Highway to debt: Re-balkanization of Montenegro’s fateMay 1, 2021
Comment by Ivica Bakota
The signature project of the DPS government, “Bar-Boljare” highway connecting Port of Bar with Montenegro-Serbian border has always been regarded as a “too big bite” but also “once in the lifetime” opportunity for Montenegro, especially after the government started losing hope to ever find a creditor on the Western market. In 2014, despite the opposition from the IMF, Montenegro signed an USD denominated loan deal with Chinese Exim Bank to finance the first stretch of the highway. Exim Bank provided a loan for 85% of total value with 2% interest rate, 6-year of grace period and 20 years for repayment. By the end of 2014, Exim Bank approved 697 million EUR loan, 85% of the first offer given by China Road and Bridge Corporation (809 million EUR), the main contractor on the highway.
From 2015 to 2019, China Road and Bridge Corporation (CRBC) was engaged in the first and the most complex, 41 km long, Smokovac-Matesevo section. Due to complex terrain features, accessibility issues and frequent renegotiations on contract addendums this section was relatively soon expected to exceed the initial value (809 million EUR). Yet, the government never finished ‘due diligence’ in order publish adjusted value of total expenditures, as such it was frequently subject of various unconfirmed and mostly politically motivated interpretations, with estimates ranging from 890 million to over 1 billion EUR.
The section was firstly expected to be finished by 2019 (within agreed period of 4 years), but just about that time problems started to emerge. Due to not very foresighted prep work resulting in geological and hydrological studies commissioned after the start of construction, delays in “prioritization” of certain sub-sections and some important construction works not included in the contract the government was forced to extend the deadline to Sept 2020 and renegotiate separate annex to contract. Non-transparent business that sticks to a most of Chinese investments in the region was also, not entirely to a Chinese fault, raised in this project. Negotiations from the very beginning were carried out without due public scrutiny. More transparency in conducting project supervision was the point raised by IMF, while several media outlets (Dan, Vijesti) continuously raised issue of non-transparent increase of expenditures and deadline alterations. Environmental concerns (Tara river pollution) at this stage became salient in reports of Montenegro`s NGO organizations.
COVID-19 lockdown made further delays in construction plans and the Chinese contractor claimed vis major in seeking to extend the deadline for another year. Penalties were rumored to be put on table, especially because certain subsections (connecting roads not previously included in the project) have altered and the total net expenditure has been criticized to be disproportionate with expected expenditure rate. There were scant promises from the Ministry of Transportation, the main body in charge for the project implementation, to tackle both issues with CRBC, but negotiations dragged to the Aug 2020 post-election period and communication with CRBC virtually halted pending a new cabinet formation. As a result of the reshuffle that followed, Transportation ministry was dissolved and a new umbrella-scoped Capital Investments Ministry came in charge of resuming the negotiations.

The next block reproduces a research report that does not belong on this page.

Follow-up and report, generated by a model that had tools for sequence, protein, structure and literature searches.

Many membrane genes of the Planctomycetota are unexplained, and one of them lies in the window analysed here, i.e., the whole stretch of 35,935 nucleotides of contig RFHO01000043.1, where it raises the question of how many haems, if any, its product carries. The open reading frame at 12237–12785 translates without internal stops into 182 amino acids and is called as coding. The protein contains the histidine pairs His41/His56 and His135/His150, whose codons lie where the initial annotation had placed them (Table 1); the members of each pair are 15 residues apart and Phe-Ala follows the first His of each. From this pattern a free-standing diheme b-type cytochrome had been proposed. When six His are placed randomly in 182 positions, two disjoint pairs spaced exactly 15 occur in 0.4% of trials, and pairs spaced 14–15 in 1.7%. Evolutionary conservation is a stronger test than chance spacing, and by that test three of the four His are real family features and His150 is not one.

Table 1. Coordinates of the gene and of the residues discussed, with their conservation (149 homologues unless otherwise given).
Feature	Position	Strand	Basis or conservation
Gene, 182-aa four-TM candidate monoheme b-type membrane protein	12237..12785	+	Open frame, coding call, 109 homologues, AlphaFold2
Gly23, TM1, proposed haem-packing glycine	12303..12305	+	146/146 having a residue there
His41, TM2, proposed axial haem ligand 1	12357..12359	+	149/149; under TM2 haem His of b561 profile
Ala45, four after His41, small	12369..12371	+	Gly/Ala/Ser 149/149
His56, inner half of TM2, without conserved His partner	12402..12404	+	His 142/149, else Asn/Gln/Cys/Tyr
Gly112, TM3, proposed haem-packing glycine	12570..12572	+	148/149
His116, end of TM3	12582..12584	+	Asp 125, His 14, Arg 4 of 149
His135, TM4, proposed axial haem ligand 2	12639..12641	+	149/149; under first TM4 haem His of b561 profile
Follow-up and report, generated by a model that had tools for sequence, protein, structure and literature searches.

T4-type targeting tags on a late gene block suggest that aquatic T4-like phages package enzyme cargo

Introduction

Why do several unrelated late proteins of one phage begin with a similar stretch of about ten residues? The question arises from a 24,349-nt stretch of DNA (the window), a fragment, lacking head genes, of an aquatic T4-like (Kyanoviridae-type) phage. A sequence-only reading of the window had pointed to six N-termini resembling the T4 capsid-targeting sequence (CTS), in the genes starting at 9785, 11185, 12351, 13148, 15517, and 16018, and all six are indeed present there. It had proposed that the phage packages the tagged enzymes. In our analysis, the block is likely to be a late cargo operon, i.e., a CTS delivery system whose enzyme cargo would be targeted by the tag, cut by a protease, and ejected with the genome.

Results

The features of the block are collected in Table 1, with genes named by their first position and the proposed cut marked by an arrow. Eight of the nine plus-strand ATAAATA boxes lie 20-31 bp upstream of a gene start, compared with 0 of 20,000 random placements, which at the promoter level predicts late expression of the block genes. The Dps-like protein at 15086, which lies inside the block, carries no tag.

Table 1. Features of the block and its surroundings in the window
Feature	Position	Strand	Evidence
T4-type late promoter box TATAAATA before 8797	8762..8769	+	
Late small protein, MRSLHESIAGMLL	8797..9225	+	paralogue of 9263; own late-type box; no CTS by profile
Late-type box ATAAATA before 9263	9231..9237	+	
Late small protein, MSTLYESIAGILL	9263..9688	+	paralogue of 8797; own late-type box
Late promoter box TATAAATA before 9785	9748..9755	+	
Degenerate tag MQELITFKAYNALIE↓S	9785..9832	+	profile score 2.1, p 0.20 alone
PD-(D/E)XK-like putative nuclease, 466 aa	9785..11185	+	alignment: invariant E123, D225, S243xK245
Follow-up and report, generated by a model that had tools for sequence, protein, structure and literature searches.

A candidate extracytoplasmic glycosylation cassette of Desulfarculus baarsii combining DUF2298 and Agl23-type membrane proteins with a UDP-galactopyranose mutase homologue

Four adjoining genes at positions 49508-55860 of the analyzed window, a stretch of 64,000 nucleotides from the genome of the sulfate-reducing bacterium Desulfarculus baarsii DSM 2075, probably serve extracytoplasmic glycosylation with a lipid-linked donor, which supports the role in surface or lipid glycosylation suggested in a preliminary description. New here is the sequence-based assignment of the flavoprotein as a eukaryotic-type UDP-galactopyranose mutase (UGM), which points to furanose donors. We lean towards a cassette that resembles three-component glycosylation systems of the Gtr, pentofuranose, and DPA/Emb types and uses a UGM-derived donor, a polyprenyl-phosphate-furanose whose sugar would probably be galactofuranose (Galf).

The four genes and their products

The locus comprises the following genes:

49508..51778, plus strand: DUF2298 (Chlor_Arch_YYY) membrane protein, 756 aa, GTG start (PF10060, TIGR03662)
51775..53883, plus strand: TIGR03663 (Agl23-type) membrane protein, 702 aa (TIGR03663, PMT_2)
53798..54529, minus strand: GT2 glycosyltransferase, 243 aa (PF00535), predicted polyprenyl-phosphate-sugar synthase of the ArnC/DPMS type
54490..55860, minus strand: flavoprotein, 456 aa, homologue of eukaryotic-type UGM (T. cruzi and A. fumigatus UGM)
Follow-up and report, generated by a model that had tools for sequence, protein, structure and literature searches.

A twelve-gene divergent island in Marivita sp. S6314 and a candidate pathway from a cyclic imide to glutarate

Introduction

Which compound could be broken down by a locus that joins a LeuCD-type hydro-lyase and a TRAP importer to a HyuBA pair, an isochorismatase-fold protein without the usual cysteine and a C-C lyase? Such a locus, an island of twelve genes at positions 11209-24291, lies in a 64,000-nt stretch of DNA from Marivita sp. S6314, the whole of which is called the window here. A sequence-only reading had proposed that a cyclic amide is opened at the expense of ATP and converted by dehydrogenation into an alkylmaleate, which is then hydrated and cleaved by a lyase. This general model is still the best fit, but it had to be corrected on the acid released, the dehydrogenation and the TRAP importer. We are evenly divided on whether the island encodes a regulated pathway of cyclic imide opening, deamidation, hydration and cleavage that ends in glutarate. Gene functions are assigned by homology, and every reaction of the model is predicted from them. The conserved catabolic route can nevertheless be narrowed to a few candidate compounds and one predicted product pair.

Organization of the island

The 2020 government change open the way for fresh alignments and brought to surface these fallouts between the project negotiations, and between the government and “the Chinese” (as creditor and contractor), which DPS government have tried to keep underwater. But, before anything decisive could have happened in negotiations, grace period on the loan expired in 2021 and Montenegro was obliged to start with the debt repayment program. In the instance, the project and the ongoing negotiations with the Chinese were caught in crossfire between DPS- sponsored and the new government mouthpieces. Both the highway project and negotiations with Chinese contractors were prominent issues in the media; on the one side, to reveal ineptitude of the current government in tackling the most important state matters, on the other, to fan anti- corruption zeal and ancien regime revisionism proved the surest way to discredit DPS politicians. Either way, Montenegrin public was brought up to discussions supposedly due before the project had started.
The project has been criticized by the public, media and international financial partners as significantly over-stretching Montenegro’s debt to GDP ratio, threatens fiscal stability and risks default on (reprogramming) credit repayment in the long-term. A tone not much different from what IMF and the WB had warned in 2015 and couple of times thereafter, but now instead of “reddish” debt level of 60-70% of GDP, some pessimistic figures show a debt rate soon exceeding 100%. After taking the office, ‘the twelve apostles’, as the new cabinet is being nicknamed, released EUR denominated bonds to “patch up” budget shortages, grimly announcing to spend the next 200 days only running financial damage control. Commitments on keeping fiscal stability were given to the Western partners, but the strategy on debt management was not on sight.